Insulation inspections

Problems with insulation that lead to energy loss often include missing, inadequate, settled, and/or wet conditions. All reduce the effectiveness of insulation and can lead to thermal and/or air bypass.

European standard EN 162487specifies the requirements, common methodology, and deliverables for energy audits.

It's much easier to interpret findings if the type of insulation is known. Knowing the insulation type enables an auditor to prepare for issues commonly associated with certain insulation types. For example, blown-in insulation is notorious for settling over time.

Figure 4. Recessed blown-in attic insulation


Moisture and condensation often go hand-in-hand with air leaks in a structure, as air can provide a means for moisture to travel. Moisture, if not properly remedied, can lead to building damage, reduced insulation effectiveness and mould.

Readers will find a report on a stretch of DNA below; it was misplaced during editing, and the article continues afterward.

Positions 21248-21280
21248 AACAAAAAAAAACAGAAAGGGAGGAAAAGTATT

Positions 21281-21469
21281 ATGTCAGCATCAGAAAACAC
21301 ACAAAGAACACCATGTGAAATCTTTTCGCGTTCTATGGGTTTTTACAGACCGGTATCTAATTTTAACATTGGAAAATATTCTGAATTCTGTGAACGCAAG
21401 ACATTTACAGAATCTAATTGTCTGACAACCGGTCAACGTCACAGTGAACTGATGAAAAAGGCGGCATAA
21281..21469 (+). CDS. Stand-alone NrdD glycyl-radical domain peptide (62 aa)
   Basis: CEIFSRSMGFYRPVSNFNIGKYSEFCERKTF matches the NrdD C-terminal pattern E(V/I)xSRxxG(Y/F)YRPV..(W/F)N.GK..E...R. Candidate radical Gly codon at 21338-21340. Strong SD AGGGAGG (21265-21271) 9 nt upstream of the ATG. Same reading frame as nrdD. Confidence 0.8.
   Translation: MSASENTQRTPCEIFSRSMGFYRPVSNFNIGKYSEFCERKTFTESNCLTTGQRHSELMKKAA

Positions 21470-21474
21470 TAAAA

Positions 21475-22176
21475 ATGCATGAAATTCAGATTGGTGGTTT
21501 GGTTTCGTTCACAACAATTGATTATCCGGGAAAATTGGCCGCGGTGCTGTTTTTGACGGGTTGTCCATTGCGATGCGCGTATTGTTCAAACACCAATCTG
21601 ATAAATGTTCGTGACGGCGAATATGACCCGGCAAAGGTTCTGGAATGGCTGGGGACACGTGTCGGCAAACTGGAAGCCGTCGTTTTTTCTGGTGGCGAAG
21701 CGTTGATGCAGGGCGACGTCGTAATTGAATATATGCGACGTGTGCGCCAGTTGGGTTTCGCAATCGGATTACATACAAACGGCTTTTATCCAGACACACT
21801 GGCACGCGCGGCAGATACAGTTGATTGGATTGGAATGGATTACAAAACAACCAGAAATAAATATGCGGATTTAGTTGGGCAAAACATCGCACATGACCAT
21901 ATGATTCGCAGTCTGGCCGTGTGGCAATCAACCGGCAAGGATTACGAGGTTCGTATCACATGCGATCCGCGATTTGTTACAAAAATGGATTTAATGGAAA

Thermal imagers are very effective tools for identifying moisture. Water has a high thermal capacitance, meaning that it efficiently absorbs and stores energy. The thermal capacitance of water or the effects of evaporative cooling (usually a 2°C to 5°C surface temperature difference) help reveal the extent of moisture damage, even when the surface feels dry to the touch. All suspected moisture should be validated with a moisture meter.

Inspection considerations and procedures

  • Knowledge of building methods and materials is critical. Infrared audits are best performed by someone that understands how buildings work and how they are built
  • Thermal inspections can be performed in both warm and cold weather. By utilising the HVAC system, adequate Delta T can be mechanically influenced. However, always ensure inside temperature stabilisation by turning off the HVAC at least 15 minutes before beginning an inspection